Villafranca sentence example

villafranca
  • The Peace of Villafranca made this impossible.
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  • When about to enter Austrian territory proper his advance was, however, checked by the armistice of Villafranca.
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  • After the meetings at Villafranca Napoleon returned to France.
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  • But to Napoleons statement that he could not agree to the unification of Italy, as he was bound by his promises to Austria at Villafranca, Victor Emmanuel replied that he himself, after Magenta and Solferino, was bound in honor to link his fate with that of the Italian people; and Genetal Manfredo Fanti was sent by the Turin government to organize the army of the Central League, with Garibaldi under him.
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  • The terms of the treaty of peace signed at Zurich on the 10th of November were practically identical with those of the preT liminaries of Villafranca.
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  • Italy which had begut with Villafranca; and Bismarck was not slow to make us~ of this hostility, with a view to preventing Italy from takinj sides with France against Germany in the struggle between the two powers which he saw to be inevitable.
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  • After the first defeat Francis Joseph hastened to Italy; he commanded in person at Solferino, and by a meeting with Napoleon arranged the terms of the peace of Villafranca.
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  • Villafranca is a common place name in Italy.
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  • There were also works at Valdemaqueda and at Villafranca.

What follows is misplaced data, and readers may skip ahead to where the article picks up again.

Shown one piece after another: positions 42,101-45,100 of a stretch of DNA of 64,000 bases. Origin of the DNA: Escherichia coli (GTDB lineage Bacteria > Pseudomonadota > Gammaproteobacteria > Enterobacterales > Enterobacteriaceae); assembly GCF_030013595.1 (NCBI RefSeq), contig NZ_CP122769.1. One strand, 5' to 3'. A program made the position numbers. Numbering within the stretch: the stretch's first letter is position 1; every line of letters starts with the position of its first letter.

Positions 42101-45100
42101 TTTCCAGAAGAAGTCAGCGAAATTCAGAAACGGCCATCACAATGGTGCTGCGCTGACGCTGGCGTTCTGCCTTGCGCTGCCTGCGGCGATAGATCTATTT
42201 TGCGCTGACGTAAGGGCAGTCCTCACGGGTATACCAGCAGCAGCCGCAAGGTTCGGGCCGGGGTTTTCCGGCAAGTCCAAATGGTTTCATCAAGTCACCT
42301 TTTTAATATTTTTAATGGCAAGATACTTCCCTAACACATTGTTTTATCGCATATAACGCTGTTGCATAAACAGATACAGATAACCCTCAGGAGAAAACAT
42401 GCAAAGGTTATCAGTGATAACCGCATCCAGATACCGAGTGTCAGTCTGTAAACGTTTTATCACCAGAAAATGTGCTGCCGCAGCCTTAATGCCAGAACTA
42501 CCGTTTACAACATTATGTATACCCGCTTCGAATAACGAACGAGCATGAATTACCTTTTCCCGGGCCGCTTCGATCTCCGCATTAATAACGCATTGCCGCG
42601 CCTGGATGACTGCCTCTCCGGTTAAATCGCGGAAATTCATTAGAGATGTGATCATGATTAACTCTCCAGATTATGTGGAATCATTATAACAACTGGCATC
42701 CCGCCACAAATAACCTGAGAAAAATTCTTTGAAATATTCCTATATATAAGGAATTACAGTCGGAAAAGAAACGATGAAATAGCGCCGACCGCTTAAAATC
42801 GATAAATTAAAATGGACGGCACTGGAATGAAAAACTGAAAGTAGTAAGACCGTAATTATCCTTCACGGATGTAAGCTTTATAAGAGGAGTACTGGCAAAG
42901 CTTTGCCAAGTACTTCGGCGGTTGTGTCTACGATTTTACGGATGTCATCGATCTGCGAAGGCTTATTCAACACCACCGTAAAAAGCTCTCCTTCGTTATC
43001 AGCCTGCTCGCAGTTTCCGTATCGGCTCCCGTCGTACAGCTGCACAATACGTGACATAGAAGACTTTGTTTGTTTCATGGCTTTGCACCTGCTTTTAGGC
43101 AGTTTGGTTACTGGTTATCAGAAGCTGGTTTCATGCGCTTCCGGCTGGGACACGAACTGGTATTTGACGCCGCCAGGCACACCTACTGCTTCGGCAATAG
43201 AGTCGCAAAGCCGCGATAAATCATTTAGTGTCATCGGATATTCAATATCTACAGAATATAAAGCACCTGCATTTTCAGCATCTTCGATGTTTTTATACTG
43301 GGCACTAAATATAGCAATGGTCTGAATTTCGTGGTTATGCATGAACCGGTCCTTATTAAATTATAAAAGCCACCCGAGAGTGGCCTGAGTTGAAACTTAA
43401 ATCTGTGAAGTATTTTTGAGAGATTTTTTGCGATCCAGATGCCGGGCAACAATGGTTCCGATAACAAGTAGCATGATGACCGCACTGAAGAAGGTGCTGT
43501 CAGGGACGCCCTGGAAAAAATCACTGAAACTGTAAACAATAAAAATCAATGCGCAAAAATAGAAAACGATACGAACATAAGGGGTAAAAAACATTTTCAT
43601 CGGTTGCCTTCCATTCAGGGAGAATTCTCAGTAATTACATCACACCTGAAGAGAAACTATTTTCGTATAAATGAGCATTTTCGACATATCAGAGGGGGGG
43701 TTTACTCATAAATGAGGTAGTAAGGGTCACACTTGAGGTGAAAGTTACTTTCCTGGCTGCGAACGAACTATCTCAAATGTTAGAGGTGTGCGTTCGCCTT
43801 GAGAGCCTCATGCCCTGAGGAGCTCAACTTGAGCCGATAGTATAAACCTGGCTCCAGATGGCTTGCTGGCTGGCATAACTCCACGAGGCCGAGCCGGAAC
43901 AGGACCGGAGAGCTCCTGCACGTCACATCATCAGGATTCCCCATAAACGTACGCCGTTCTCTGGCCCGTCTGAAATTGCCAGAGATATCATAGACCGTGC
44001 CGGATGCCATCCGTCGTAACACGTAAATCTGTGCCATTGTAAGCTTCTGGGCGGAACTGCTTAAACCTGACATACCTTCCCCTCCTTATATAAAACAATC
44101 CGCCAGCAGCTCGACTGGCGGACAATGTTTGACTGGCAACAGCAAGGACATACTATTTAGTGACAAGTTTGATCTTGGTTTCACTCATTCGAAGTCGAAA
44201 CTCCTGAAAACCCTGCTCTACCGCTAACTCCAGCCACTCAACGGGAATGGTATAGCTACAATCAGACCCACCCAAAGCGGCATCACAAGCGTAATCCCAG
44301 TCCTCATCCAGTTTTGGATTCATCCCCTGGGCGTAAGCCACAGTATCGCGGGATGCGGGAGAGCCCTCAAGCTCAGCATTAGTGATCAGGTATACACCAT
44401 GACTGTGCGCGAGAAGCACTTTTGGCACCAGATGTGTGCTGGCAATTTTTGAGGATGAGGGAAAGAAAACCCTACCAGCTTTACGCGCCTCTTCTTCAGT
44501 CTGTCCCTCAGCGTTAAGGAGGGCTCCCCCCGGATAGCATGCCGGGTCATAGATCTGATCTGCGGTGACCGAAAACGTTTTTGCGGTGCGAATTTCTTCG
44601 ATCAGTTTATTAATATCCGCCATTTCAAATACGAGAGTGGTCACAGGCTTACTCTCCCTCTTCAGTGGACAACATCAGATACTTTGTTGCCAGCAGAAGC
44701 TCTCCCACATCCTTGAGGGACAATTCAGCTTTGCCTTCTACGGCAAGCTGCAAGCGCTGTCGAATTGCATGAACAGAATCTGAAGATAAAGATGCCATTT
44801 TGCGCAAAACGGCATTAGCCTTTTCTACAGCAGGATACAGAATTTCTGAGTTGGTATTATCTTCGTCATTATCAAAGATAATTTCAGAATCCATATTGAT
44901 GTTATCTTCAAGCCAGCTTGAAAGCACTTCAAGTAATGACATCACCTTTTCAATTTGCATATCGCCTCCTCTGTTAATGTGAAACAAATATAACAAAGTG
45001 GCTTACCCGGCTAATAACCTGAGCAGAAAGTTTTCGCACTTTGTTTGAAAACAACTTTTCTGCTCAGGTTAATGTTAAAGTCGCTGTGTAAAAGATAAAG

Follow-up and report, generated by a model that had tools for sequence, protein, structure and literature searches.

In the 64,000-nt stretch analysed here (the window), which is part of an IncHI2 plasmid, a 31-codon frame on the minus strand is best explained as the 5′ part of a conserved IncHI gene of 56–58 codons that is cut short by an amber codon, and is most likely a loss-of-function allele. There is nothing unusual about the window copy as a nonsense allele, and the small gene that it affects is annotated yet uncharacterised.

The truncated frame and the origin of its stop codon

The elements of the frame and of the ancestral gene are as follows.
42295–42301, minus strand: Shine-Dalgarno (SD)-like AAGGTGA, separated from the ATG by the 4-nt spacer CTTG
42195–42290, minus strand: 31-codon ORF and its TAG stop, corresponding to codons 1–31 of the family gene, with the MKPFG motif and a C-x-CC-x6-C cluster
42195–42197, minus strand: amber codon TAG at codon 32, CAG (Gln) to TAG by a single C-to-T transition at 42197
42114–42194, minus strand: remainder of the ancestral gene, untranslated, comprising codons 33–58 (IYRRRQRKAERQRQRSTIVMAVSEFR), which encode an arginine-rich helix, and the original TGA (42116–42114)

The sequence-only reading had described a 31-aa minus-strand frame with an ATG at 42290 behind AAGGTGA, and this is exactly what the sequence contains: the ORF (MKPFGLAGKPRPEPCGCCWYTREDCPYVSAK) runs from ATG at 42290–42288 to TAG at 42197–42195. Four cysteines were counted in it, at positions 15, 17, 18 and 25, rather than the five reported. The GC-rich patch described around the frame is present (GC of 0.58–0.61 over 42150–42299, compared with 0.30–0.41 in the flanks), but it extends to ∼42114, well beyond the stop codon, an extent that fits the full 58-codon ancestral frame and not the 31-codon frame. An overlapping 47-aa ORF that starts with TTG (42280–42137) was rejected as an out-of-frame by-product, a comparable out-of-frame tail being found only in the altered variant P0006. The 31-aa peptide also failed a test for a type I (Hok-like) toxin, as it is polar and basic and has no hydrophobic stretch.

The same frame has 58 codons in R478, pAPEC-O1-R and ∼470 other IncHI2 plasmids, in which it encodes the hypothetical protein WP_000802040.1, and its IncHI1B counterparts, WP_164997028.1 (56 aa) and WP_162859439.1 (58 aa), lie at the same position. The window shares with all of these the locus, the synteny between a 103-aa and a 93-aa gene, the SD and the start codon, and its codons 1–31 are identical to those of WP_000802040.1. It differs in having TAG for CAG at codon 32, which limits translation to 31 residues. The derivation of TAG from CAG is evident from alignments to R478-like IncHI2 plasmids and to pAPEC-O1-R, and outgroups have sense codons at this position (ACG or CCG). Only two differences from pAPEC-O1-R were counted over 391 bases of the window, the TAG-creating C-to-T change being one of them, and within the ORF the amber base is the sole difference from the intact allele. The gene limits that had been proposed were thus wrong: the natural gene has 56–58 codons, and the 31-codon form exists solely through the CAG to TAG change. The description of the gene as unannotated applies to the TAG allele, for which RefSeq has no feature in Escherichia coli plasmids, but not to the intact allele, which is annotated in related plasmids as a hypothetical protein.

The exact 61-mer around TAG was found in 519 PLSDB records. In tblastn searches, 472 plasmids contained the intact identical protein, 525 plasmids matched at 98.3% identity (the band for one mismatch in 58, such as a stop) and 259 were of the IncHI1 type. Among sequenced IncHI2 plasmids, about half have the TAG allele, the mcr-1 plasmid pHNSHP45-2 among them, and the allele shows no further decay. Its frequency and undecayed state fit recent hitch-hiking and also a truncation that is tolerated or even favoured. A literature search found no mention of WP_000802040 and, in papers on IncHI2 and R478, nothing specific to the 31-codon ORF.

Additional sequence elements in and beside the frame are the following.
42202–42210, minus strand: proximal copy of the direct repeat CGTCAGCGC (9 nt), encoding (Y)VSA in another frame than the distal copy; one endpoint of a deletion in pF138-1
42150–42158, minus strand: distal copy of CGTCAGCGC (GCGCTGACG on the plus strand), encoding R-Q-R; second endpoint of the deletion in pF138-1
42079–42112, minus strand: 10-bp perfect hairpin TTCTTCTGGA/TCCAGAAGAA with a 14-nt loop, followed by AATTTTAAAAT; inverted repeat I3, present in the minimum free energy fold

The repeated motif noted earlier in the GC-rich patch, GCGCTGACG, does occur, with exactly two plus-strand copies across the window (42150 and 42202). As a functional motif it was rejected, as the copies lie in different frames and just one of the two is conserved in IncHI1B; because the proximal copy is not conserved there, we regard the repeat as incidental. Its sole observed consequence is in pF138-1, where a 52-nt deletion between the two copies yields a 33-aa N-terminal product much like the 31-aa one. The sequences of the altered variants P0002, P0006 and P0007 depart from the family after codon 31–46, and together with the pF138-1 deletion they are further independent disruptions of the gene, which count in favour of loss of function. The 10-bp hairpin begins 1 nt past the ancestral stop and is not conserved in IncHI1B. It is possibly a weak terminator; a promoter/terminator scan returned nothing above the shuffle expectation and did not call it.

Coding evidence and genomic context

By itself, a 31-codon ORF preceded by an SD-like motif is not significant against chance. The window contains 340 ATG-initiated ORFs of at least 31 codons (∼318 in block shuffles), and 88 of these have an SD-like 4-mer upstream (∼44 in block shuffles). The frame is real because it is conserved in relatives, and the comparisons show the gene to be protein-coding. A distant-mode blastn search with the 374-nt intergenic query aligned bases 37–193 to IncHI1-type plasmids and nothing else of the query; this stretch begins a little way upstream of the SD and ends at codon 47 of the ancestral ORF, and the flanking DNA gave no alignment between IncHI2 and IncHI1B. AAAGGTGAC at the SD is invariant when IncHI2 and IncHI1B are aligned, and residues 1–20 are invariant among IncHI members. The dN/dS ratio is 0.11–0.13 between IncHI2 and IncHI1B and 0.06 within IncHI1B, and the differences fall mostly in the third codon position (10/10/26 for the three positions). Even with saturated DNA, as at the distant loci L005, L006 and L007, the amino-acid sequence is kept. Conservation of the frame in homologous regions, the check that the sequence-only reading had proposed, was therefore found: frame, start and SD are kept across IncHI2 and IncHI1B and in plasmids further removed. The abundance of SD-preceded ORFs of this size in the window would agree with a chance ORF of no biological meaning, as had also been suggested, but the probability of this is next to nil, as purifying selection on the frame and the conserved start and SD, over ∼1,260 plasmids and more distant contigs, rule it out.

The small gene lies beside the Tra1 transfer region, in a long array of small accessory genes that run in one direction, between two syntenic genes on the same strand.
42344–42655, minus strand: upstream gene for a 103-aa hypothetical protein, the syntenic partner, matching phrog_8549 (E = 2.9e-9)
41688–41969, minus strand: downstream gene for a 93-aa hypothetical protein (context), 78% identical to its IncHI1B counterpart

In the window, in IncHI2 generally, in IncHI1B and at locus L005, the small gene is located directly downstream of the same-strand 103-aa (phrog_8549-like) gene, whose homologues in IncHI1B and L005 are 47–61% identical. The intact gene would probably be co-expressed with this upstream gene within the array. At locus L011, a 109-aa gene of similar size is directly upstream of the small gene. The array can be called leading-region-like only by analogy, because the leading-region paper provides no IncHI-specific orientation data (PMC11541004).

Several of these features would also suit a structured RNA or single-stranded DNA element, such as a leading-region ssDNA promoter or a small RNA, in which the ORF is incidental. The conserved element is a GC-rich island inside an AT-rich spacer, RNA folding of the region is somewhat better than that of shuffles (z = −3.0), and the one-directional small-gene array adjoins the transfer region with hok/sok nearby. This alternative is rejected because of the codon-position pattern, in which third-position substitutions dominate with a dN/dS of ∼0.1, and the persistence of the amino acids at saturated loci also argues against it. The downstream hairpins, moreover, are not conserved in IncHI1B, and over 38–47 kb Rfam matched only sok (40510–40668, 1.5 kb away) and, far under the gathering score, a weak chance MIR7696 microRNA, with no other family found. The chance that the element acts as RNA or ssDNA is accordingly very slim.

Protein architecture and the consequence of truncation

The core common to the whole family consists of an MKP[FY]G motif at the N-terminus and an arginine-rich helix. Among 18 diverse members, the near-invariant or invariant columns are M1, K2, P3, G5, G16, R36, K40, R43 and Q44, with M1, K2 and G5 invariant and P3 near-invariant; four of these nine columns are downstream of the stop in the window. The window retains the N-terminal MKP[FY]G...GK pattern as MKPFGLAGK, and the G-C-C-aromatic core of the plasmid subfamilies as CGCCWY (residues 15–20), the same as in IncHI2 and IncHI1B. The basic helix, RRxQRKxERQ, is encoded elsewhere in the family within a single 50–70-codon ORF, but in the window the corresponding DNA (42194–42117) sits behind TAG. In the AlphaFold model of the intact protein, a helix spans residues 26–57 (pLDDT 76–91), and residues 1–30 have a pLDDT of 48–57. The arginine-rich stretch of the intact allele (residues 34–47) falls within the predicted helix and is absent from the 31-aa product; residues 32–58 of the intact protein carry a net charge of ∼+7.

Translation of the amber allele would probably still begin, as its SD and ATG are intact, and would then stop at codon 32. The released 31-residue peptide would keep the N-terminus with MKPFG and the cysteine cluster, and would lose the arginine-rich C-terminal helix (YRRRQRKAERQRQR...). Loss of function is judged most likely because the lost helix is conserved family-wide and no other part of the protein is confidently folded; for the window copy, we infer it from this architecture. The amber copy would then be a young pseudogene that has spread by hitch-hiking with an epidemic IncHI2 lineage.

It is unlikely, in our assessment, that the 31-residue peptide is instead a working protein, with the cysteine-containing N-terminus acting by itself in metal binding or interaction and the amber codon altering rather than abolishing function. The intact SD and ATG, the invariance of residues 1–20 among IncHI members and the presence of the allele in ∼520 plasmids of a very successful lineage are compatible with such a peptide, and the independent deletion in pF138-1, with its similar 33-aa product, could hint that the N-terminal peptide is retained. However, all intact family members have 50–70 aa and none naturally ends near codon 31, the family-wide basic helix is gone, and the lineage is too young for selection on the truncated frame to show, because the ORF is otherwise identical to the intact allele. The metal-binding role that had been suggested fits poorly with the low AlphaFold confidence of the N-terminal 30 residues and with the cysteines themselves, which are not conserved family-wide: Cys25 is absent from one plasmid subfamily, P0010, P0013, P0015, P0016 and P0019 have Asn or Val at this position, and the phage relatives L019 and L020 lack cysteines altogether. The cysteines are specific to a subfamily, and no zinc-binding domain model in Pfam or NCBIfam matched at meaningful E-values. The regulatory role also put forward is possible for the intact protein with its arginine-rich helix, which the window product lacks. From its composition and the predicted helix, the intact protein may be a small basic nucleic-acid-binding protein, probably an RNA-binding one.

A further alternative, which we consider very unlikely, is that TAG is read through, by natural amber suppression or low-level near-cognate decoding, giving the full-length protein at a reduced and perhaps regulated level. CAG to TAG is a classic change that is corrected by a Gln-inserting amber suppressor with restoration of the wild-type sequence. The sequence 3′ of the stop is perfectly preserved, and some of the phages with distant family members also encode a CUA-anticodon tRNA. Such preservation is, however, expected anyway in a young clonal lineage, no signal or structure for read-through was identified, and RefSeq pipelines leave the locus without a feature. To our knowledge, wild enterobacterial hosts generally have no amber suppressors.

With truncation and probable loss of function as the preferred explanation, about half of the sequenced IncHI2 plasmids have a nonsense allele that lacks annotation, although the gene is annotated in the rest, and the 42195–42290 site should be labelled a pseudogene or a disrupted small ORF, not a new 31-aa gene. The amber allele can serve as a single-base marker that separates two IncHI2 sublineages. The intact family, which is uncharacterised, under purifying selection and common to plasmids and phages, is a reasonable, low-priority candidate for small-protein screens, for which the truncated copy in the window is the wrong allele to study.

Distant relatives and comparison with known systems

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  • When on the outbreak of the war of 1859 Francis V., duke of Modena, was expelled and a provisional government set up, Farini was sent as Piedmontese commissioner to that city; but although recalled after the peace of Villafranca he was determined on the annexation of central Italy to Piedmont and remained behind, becoming a Modenese citizen and dictator of the state.
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  • After the peace of Villafranca he was sent to organize the army of the Central Italian League (composed of the provisional governments of Tuscany, Modena, Parma and Romagna), and converted it in a few months into a well-drilled body of 45, 000 men, whose function was to be ready to intervene in the papal states on the outbreak of a revolution.
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  • The threat of Prussian intervention, which determined the provisions of the armistice of Villafranca, was due, not to love of Austria, but to fear of the undue aggrandizement of France.
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  • His services there led to his appointment to command the army in Italy, where he distinguished himself by forcing the pass of Villafranca and winning the battle of Coni in 1744.
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  • The Sicilians, unlike the Neapolitans, were thoroughly alienated from the Bourbons, whom they detested, and after the Garibaldi andfhe peace of Villafranca (July 18J9) Mazzini's emissaries, Thousand.